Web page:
Facebook signs pay deals with 3 Australian news publishers
(AP Photo/Richard Drew, File)CANBERRA – Facebook announced on Friday preliminary agreements with three Australian publishers, a day after the Parliament passed a law that would make the digital giants pay for news. Facebook said letters of intent had been signed with independent news organizations Private Media, Schwartz Media and Solstice Media. Prime Minister Scott Morrison said the new Australian law was critical to the deals that Australian media businesses were negotiating with the two gateways to the internet. News Corp. Australia executive chairman Michael Miller said last week that his company had pay negotiations with Facebook. I think the door is still open,” Miller told a Senate inquiry into Australian media diversity.
Facebook may have to stop moving EU user data to US
LONDON Facebook may be forced to stop sending data about its European users to the U.S., in the first major fallout from a recent court ruling that found some trans-Atlantic data transfers don't protect users from American government snooping. The social network said Wednesday that Ireland's Data Protection Commission has started an inquiry into how Facebook shifts data from the European Union to the United States. The news was first reported by the Wall Street Journal, which said Irelands data commission gave Facebook until mid-September to respond to a preliminary order to suspend the transfers. The Irish data commission suggested that a type of legal mechanism governing the data transfers, known as standard contractual clauses, cannot in practice be used for EU-U.S. data transfers," Clegg said. But in cases where there are concerns about data privacy, EU regulators should vet, and if needed block, the transfer of data.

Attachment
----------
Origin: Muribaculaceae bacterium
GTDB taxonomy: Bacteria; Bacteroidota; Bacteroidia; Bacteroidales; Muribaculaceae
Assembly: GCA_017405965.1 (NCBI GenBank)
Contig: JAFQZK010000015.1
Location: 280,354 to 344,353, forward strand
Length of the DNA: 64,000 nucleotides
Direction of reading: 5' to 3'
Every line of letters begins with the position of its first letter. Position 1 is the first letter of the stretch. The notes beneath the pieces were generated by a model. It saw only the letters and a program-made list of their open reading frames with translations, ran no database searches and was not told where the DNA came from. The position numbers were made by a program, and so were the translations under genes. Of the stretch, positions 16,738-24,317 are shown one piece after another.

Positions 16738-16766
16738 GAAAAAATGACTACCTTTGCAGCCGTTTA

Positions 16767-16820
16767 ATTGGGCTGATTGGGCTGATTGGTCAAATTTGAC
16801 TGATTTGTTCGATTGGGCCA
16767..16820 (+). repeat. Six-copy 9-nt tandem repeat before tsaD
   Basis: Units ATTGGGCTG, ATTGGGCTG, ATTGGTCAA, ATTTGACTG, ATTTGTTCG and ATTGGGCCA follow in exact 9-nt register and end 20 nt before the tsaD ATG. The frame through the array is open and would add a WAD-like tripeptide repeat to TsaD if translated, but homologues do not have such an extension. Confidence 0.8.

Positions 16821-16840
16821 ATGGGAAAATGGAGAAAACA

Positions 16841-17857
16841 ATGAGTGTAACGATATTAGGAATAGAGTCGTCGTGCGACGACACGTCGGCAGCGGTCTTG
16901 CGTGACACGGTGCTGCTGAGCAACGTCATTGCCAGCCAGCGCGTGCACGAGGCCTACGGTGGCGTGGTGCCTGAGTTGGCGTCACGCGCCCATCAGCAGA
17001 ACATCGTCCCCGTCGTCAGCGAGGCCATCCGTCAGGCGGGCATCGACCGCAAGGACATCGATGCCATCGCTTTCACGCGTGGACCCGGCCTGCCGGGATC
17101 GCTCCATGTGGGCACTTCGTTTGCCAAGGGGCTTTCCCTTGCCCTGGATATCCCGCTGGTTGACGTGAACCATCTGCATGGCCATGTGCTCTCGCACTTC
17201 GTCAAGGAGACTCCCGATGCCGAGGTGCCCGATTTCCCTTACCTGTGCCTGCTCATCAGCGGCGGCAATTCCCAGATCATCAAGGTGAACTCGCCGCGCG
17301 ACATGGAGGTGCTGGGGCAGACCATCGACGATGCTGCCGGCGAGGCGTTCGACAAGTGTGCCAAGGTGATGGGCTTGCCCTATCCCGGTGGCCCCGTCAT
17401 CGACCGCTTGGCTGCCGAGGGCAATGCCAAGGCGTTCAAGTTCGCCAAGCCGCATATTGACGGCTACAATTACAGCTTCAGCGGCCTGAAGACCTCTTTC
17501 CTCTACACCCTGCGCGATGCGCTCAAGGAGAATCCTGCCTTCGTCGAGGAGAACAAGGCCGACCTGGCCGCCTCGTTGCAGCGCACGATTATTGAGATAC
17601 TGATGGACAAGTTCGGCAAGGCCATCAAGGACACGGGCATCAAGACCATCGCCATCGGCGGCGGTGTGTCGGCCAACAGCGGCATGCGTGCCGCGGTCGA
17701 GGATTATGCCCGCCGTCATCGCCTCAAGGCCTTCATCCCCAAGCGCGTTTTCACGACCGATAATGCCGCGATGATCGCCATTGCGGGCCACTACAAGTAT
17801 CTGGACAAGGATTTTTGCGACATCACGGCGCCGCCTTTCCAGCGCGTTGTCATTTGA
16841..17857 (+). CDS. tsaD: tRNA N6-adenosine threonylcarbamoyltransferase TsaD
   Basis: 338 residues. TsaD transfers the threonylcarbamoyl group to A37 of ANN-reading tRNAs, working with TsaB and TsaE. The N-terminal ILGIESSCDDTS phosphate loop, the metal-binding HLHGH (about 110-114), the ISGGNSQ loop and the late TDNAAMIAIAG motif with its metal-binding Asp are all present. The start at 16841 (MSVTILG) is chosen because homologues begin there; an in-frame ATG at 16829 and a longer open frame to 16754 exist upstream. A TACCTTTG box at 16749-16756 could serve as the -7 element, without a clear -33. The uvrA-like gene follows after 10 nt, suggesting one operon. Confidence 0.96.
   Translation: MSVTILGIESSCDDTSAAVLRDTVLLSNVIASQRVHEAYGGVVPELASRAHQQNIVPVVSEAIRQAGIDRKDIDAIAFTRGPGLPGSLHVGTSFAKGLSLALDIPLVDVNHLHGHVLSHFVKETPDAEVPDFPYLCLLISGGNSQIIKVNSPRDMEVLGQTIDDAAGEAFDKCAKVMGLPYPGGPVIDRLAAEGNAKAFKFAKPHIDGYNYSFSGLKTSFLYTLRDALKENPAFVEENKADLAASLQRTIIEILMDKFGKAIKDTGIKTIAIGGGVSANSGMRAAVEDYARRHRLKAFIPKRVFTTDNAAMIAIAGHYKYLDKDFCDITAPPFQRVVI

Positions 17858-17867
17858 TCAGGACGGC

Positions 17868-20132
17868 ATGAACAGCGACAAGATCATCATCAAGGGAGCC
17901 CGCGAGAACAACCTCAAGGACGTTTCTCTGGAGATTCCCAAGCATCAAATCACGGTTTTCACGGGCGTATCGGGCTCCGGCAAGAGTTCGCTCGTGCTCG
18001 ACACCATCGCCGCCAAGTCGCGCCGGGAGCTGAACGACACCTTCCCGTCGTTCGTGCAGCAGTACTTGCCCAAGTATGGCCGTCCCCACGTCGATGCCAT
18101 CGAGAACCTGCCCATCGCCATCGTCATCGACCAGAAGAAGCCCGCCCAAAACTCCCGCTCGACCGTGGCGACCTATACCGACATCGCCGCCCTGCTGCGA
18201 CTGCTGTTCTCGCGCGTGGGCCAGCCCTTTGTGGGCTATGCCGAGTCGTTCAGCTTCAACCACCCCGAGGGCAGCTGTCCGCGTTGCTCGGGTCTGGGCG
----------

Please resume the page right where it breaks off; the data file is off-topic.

A pinch where it hurts: can Facebook weather the ad boycott?
On Wednesday, more than 500 companies officially kicked off an advertising boycott intended to pressure Facebook into taking a stronger stand against hate speech. But whether Zuckerberg agrees to further tighten the social network's carefully crafted rules probably boils down to a more fundamental question: Does Facebook need big brand advertisers more than the brands need Facebook? In a broad sense, the current boycott, which will last at least a month, is like nothing Facebook has experienced before. At the same time, he added, given these extraordinary times," it's possible that a long-term, pervasive boycott could shift advertising dollars away from Facebook to other companies. Beyond bad PR, though, experts say the protest isn't likely to make a lasting dent in Facebook's ad revenue, in part because plenty of other advertisers can step in.
As 2020 election looms, Facebook says it will let politicians post without fact-checking
With the U.S. 2020 presidential election looming, Facebook on Tuesday said it will not fact check or remove content posted posted by politicians even if it is in violation of the company's rules. The company will treat speech from politicians as newsworthy content that should be seen and heard, wrote Nick Clegg, Facebook's vice president of global affairs and communications, in a blog post. The only times Facebook will make exceptions are if a politicians' speech endangers people or if the speech is a paid ad that is not in compliance with Facebook's community standards, Clegg said. Facebook will also demote but not remove content shared by a politician that has previously been debunked by the company's fact checkers, Clegg said. "I hope I have given you some reassurance about our approach to preventing election interference, and some clarity over how we will treat political speech in the run up to 2020 and beyond," Clegg said.cnbc.com